About Me

Tollesbury, Essex, United Kingdom
I was born in the Summer of 1969 in Dagenham, just on the border of East London. School was largely unproductive but enjoyable, setting me up for something of a wayward but interesting life! On leaving school I had various jobs including putting up stalls at Romford Market, working in a record shop, putting up ceilings, gardening and road sweeping. After resigning from an insurance company to play in a band, I found myself unemployed for two years. Then finally I got back on my feet and I've been a psychiatric nurse since 1997. I wrote A Cleansing of Souls when I was 22 years old and followed it up with Tollesbury Time Forever almost twenty years later. I started writing The Bird That Nobody Sees in September 2011 and it was released in July 2012. In terms of writing, my heroes are Jack Kerouac and John Steinbeck. I would also include Kris Kristofferson, Bob Dylan and Tom Waits as literary influences. So that's me I guess - scruffy, happy and in love with literary fiction, music and life...

Wednesday, 27 March 2013

I Woke Up This Morning - the prologue

With the final book of the FRUGALITY Trilogy almost complete, I thought I'd just post the prologue here as a little taster. Any comments gratefully welcomed!



Prologue


It is a truth universally acknowledged that drinking yourself into oblivion can only ever take you a part of the way. I know that now. It’s not too late. It’s never too late. And I’m not Simon Anthony – but that fact does not stop me from wanting to find him or suppress the need I have to tell him that I love him. As it stands, I don’t even know where he is. I barely know where I am. I’m guessing it’s Tollesbury, which is basically heaven to me and to Simon too. So he can’t be very far away. There’s music in the air. I hear it these days more than ever I did before. Still, the last bell in The King’s Head chimes more often than it should and the six in the morning bells of St Mary’s Church ring a little more gleefully than perhaps is necessary. But that’s all part of the fun, all part of my life, all part of what I have become. My name is Stuart Ayris. I am all sorts of things. Well at least I was when I woke up this morning.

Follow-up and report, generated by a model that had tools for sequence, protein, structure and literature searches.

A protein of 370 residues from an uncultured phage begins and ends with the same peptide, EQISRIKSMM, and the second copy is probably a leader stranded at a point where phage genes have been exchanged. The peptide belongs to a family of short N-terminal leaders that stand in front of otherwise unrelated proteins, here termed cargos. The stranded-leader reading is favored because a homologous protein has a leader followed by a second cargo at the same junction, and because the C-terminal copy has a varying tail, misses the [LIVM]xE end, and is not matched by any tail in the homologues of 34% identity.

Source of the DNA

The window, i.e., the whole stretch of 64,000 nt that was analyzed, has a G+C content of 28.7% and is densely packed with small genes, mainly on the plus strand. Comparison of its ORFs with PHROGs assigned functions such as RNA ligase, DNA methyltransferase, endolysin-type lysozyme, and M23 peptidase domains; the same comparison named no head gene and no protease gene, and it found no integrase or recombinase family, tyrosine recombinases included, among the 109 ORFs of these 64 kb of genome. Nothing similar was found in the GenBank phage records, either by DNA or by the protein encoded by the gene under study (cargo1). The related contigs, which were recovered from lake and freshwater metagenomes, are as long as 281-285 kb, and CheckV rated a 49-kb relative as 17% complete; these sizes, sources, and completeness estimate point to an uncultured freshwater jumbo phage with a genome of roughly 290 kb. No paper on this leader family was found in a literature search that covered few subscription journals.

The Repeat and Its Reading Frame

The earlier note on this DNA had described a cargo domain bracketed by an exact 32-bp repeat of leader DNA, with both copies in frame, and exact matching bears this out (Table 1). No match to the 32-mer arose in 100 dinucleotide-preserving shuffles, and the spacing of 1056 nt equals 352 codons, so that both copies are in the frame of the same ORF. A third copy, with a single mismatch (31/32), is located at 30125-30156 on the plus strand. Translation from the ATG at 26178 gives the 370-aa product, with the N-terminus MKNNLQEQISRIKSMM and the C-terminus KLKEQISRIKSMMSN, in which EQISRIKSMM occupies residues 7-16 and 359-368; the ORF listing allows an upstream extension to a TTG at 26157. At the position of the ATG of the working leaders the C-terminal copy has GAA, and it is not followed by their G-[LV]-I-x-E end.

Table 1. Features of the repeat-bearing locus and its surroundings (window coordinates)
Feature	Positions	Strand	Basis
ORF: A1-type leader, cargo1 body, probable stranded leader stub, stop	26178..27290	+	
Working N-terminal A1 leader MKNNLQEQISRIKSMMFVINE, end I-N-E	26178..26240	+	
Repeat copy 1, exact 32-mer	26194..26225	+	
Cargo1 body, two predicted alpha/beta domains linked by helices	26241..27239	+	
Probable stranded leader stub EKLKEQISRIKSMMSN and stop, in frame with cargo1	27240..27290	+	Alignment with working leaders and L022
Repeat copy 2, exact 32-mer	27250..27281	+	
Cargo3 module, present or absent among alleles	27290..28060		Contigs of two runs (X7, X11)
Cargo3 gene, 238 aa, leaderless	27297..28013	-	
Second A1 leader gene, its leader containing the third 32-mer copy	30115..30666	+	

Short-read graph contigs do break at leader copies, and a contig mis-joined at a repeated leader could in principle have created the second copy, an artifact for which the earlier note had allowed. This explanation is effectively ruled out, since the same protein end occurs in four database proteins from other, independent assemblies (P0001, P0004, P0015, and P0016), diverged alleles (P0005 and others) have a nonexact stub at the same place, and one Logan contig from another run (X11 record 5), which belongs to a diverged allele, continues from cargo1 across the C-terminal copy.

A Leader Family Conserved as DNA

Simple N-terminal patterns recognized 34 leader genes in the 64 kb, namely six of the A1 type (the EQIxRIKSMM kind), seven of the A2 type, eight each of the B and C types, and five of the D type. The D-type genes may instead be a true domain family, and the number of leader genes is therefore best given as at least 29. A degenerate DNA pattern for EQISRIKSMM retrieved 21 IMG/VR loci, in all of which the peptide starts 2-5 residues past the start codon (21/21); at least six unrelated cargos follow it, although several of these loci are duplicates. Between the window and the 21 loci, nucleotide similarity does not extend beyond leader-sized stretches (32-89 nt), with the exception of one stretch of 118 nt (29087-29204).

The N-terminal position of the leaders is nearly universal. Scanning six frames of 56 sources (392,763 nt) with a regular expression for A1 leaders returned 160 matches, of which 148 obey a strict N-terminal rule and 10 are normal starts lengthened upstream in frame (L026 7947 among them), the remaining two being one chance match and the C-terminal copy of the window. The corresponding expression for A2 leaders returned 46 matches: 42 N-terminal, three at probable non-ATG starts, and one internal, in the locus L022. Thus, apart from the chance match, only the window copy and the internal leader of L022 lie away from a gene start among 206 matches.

I’m five feet ten inches tall, I shave sporadically and I haven’t brushed my dirty blond hair since I was fourteen and groovy. That would have been about the same time I took to wearing a pair of powder blue dungarees in the belief it would make me as cool as David Bowie in the Dancing in the Street thing he did with Mick Jagger. And here’s me now talking about wanting to tell a man I have met but once that I love him. It’s only rock and roll but I like it, I like it, yes I do.

I should say at this point that the way I view myself has often differed to the way others have viewed me. Where I have considered myself to be humorous, others have deemed me immature and insensitive. Where, during my psychiatric nursing career I have seen myself as one who acts on behalf of those in need, others have at times branded me as reckless. And when I feel I have had just enough alcohol I have been told I am not just drunk, but out of control, self-destructive and entirely irresponsible, given the nature of my profession and the fact that I really should try harder to be normal.

My wife hasn’t taken my surname. She retains her maiden name due to the fact that mine, Ayris, can only ever transform even the most beautiful of forenames into a tropical disease – Louise-ayris, Mollie-ayris, Rebecca-ayris, Valerie-ayris – a trainee doctor’s nightmare. I have come to believe that life is suffering. For me, that realisation – that life is suffering – occurred when the Landlord finally barred me for a year from The King’s Head. It’s the finest pub in the land in the finest, weirdest village in the land. I love The King’s Head. I love Tollesbury. But I’m not that keen on being barred.

So I have twelve months to get myself sorted, to put my mess of a mind in order. And then may I return to The King’s Head and to Tollesbury Time. Forever.

This book tells the story of how I managed it.

5 comments:

Nick Wilford said...

Intriguing start! So we'll hear more from Simon, then?

David Haynes said...

Brilliant, Stu. I'm waiting until I can read all three back to back before I start.
I love this prologue!

Stefano Scaglione said...

Hi Stu, I finally started "The bird than nobody can see". I was keeping it for the right moment, it seems that it has arrived! :)

Stu Ayris said...

Thank you kind people!

More from Simon, Nick? Well, after a fashion...

Bev MacQuire said...

Intriguing prologue Stuart... I am getting more excited by the day for the release of this book! :)